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Title page for ETD etd-03272017-091807


Type of Document Master's Thesis
Author Davis, Sharon Elizabeth
Author's Email Address sharon.e.davis@vanderbilt.edu
URN etd-03272017-091807
Title Performance Drift of Clinical Prediction Models: Impact of modeling methods on prospective model performance
Degree Master of Science
Department Biomedical Informatics
Advisory Committee
Advisor Name Title
Michael E Matheny Committee Chair
Guanhua Chen Committee Member
Thomas A Lasko Committee Member
Keywords
  • Clinical prediction
  • calibration drift
  • machine learning
Date of Defense 2017-02-17
Availability restricted
Abstract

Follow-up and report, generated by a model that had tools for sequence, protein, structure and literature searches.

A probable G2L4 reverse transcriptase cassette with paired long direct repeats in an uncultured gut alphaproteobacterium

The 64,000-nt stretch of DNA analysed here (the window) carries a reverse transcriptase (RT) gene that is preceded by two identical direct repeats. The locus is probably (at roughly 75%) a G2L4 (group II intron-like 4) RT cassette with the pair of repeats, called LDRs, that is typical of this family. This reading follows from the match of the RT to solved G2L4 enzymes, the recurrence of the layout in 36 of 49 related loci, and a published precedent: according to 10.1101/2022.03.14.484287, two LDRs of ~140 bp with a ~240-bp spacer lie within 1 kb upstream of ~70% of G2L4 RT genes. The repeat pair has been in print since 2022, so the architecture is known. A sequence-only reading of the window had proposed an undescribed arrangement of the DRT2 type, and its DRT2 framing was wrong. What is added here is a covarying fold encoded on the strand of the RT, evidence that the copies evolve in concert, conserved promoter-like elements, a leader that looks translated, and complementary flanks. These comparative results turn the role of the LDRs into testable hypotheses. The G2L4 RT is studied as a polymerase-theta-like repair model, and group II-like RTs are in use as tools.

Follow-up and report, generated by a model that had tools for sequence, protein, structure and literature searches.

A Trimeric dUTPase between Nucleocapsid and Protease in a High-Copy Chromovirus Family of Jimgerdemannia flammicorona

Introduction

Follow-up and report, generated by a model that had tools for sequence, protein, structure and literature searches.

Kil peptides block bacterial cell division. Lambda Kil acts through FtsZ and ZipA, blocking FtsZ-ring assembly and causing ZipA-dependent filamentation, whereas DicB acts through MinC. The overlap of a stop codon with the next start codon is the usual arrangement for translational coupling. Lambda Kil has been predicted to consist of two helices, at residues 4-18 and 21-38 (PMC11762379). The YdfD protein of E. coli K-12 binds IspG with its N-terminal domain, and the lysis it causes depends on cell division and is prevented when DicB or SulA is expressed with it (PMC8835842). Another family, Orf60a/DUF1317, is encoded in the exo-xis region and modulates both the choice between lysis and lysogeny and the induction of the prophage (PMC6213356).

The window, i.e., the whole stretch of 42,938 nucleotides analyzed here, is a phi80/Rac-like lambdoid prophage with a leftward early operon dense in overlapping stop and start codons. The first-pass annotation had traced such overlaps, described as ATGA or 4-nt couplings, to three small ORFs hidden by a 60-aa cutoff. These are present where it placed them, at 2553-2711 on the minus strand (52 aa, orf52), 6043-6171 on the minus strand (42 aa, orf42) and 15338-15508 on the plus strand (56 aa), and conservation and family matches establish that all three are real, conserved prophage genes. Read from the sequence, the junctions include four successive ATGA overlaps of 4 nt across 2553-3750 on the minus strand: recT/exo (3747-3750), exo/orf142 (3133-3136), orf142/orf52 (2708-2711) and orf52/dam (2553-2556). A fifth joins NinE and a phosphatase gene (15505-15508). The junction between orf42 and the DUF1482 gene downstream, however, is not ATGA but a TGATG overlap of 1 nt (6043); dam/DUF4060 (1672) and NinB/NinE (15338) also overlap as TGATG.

Integrating personalized risk predictions into clinical decision support requires well-calibrated models, yet model accuracy deteriorates as patient populations shift. Understanding the influence of modeling methods on performance drift is essential for designing updating protocols. Using national cohorts of Department of Veterans Affairs hospital admissions, we compared the temporal performance of seven regression and machine learning models for hospital-acquired acute kidney injury and 30-day mortality after admission. All modeling methods were robust in terms of discrimination and experienced deteriorating calibration. Random forest and neural network models experienced lower levels of calibration drift than regressions. The L-2 penalized logistic regression for mortality demonstrated drift similar to the random forest. Increasing overprediction by all models correlated with declining event rates. Diverging patterns of calibration drift among acute kidney injury models coincided with predictor-outcome association changes. The mortality models revealed reduced susceptibility of random forest, neural network, and L-2 penalized logistic regression models to case mix-driven calibration drift. These findings support the advancement of clinical predictive analytics and lay a foundation for systems to maintain model accuracy. As calibration drift impacted each method, all clinical prediction models should be routinely reassessed and updated as needed. Regression models have a greater need for frequent evaluation and updating than machine learning models, highlighting the importance of tailoring updating protocols to variations in the susceptibility of models to patient population shifts. While the suite of best practices remains to be developed, modeling methods will be an essential component in determining when and how models are updated.
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